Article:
PRINCETON, NJ -- Fifty-three percent of Americans expect their federal income taxes to increase if Barack Obama is elected president, while 34% think they would increase if John McCain gets the job -- both of which are higher than expectations were for their counterparts in the 2004 election.
Many Independents Think Both Obama and McCain Will Increase Taxes
Given the current economic environment, one might think that the last thing the presidential contenders would be thinking about -- let alone verbalizing -- would be their intention to raise federal income taxes. In fact, McCain has pledged to renew the tax cuts George W. Bush instituted, and Obama has said he would raise taxes on the wealthiest but would provide a tax cut to middle-class Americans. Therefore, it may be somewhat surprising that so many Americans think their federal taxes will go up, regardless of whether Obama or McCain is elected. And while the respective percentages are higher for this year's candidates than they were in 2004, the gap between the two contestants of 19 points is actually smaller than the 23-point gap that year.
Republicans are overwhelmingly convinced that Obama will increase their taxes, with 81% stating such an expectation, compared to 52% of independents and 34% of Democrats. In sharp contrast, only 16% of Republicans think their taxes will increase if McCain is elected president, compared to 34% of independents and 46% of Democrats. While party affiliation clearly plays a role in the way Democrats and Republicans view potential tax increases, a substantial percentage of independents think their federal taxes will increase no matter who wins.
Economic Groups Perceived to Benefit Most in an Obama or McCain Presidency
If Obama becomes president, 55% of Americans say they believe his policies will benefit the middle class (33%) or the poor (22%) the most, with 25% saying they'll benefit all groups equally and only 16% saying his policies would benefit the wealthy. In sharp contrast, if McCain is elected, 53% believe his policies will benefit the wealthy the most, with only 20% suggesting they will favor the middle class (19%) or the poor (1%), and 25% saying they will benefit all groups equally.
The public's view of these two candidates is little different from the perceptions of the Democratic and Republican candidates that existed in August 2000, when 47% of Americans felt Al Gore's policies would favor the middle class and 48% thought Bush's policies would favor the wealthy.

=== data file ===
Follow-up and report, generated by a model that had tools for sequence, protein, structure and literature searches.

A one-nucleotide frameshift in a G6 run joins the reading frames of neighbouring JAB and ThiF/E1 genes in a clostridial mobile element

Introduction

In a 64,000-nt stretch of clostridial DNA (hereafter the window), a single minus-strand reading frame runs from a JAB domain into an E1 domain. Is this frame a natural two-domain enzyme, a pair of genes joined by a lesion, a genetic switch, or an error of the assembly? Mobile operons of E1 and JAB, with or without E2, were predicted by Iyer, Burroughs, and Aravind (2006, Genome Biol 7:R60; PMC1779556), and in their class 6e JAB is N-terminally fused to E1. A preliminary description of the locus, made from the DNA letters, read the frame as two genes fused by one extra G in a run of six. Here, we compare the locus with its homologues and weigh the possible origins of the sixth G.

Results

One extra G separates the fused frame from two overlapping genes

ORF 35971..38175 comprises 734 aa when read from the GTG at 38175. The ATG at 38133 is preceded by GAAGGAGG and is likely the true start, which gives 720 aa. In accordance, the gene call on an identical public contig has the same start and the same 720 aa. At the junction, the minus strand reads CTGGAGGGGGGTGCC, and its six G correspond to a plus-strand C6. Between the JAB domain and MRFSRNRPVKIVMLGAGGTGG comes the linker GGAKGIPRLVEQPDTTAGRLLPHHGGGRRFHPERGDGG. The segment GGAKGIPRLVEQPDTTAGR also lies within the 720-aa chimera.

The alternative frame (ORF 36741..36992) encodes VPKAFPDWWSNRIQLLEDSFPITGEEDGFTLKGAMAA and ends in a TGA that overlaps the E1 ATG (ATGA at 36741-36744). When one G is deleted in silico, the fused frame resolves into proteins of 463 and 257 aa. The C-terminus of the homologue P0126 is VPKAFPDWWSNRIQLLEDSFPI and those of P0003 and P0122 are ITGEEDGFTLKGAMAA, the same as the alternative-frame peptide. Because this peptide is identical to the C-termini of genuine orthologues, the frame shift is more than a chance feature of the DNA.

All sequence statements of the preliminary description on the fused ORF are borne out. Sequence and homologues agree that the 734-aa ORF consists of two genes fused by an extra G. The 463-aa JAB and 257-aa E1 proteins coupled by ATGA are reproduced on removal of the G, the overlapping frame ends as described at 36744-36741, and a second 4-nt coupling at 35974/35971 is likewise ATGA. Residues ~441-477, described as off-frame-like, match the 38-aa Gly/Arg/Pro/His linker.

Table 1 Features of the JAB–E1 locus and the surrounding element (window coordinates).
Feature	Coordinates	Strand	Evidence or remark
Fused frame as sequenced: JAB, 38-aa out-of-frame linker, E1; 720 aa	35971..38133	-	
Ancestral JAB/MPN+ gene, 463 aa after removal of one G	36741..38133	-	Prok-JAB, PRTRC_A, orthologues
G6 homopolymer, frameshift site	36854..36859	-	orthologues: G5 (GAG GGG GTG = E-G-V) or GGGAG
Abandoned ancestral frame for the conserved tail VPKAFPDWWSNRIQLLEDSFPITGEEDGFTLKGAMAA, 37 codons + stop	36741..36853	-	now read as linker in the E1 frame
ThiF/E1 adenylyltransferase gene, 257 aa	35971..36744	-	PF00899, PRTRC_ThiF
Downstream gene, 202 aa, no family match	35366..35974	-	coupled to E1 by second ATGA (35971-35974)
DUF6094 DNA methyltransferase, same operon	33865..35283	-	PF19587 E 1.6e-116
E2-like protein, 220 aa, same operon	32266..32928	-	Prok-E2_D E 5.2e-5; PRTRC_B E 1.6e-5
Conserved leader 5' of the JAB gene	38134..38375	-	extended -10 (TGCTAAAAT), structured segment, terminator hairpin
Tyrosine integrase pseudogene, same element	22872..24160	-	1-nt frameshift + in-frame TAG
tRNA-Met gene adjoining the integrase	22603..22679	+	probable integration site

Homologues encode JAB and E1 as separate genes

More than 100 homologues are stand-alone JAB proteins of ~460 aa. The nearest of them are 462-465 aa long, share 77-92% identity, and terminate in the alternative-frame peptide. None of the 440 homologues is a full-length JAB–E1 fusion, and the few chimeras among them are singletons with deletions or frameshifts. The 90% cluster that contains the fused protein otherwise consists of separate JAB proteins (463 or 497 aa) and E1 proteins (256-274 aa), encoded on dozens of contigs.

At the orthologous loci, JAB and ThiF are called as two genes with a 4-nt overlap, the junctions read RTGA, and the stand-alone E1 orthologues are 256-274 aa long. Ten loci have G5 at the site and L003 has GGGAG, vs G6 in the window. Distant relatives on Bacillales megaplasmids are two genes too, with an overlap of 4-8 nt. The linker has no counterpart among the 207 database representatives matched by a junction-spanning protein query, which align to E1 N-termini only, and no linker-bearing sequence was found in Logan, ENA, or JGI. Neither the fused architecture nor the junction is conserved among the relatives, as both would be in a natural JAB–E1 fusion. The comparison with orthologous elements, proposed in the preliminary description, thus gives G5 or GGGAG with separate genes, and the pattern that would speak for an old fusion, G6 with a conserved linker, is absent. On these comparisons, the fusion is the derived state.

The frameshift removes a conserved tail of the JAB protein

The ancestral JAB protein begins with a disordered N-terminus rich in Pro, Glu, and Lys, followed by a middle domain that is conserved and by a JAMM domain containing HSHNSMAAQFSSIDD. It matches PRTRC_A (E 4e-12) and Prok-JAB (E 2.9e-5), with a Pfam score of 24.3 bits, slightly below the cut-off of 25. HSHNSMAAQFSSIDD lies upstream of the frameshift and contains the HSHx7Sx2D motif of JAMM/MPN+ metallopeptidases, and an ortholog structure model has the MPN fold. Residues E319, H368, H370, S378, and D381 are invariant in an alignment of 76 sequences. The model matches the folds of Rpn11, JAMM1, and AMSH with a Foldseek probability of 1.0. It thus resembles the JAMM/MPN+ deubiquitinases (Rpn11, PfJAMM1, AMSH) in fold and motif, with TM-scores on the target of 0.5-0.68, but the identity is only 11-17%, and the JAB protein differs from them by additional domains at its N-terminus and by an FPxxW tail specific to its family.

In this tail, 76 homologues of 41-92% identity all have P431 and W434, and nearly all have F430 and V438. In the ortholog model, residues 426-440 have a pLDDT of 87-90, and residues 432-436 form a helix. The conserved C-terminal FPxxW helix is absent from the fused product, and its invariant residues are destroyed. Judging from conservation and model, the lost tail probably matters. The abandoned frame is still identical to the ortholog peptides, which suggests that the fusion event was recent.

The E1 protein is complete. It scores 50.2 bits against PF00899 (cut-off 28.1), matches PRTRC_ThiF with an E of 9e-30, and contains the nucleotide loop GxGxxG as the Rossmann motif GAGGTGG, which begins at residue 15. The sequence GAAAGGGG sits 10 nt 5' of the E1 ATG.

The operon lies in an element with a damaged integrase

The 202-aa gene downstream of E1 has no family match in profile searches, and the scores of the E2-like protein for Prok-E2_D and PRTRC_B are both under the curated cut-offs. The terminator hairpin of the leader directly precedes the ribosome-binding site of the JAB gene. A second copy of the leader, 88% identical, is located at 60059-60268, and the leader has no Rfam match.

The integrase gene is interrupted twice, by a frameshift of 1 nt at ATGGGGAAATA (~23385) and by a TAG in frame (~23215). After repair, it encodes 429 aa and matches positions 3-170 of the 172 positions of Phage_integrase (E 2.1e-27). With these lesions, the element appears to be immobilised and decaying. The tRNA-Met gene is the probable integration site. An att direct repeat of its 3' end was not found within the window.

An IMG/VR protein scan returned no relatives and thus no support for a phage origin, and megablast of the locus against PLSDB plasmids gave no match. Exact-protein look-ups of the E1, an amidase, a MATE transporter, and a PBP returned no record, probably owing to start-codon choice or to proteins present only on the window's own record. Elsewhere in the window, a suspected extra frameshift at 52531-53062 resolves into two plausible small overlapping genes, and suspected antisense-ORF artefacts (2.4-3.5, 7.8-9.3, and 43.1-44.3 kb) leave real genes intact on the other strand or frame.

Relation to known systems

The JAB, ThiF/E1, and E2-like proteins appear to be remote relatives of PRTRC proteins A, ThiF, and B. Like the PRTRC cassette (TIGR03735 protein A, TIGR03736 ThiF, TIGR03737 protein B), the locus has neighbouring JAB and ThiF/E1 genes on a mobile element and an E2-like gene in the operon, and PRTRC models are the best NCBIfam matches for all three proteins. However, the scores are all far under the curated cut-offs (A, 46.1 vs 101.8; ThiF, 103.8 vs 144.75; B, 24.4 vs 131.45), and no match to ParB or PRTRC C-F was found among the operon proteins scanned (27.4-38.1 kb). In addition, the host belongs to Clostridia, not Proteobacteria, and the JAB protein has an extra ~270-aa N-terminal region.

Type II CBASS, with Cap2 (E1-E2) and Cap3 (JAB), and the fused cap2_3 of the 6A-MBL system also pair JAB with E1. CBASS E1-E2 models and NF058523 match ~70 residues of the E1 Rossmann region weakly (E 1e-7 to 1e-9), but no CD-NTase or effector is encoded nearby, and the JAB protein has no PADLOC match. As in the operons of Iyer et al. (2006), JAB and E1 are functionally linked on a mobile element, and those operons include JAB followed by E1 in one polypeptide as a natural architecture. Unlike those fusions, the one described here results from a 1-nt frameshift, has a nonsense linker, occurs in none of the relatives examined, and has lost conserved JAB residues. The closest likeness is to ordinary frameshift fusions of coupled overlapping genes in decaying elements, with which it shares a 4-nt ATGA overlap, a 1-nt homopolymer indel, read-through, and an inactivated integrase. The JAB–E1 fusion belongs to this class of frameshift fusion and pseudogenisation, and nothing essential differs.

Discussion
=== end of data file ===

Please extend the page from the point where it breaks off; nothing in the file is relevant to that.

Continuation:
Although Americans are more likely to say Obama, rather than McCain, will raise their taxes, they favor Obama as the candidate better able to handle taxes by 48% to 43%. In part, this may be because a majority of Americans see Obama's policies as benefiting the middle class and the poor the most, while a majority see McCain's policies as benefiting the wealthy. In turn, this could work against Mitt Romney, who has a Wall Street background, in the vice presidential stakes since McCain may want to avoid reinforcing this "favoring the wealthy" perception.
It is also possible that McCain's record of voting against the Bush tax cuts (although he now supports extending them) and his reputation as a "maverick" have some Americans believing -- contrary to what might be expected with a Republican in the White House -- he will raise federal income taxes if elected. In this regard, the fact that about one in three independents see a tax increase in a McCain presidency is something that might be of concern to the Republicans in the weeks ahead. In fact, how the candidates handle the tax issue in a time of recession may give voters significant insight into the fundamental economic policies of each candidate.
Results are based on telephone interviews with 1,023 national adults, aged 18 and older and employed full- or part-time, conducted Aug. 21-23, 2008. For results based on the sample of employed adults, one can say with 95% confidence that the maximum margin of sampling error is ±3 percentage points.
Interviews are conducted with respondents on land-line telephones (for respondents with a land-line telephone) and cellular phones (for respondents who are cell-phone only).
In addition to sampling error, question wording and practical difficulties in conducting surveys can introduce error or bias into the findings of public opinion polls.
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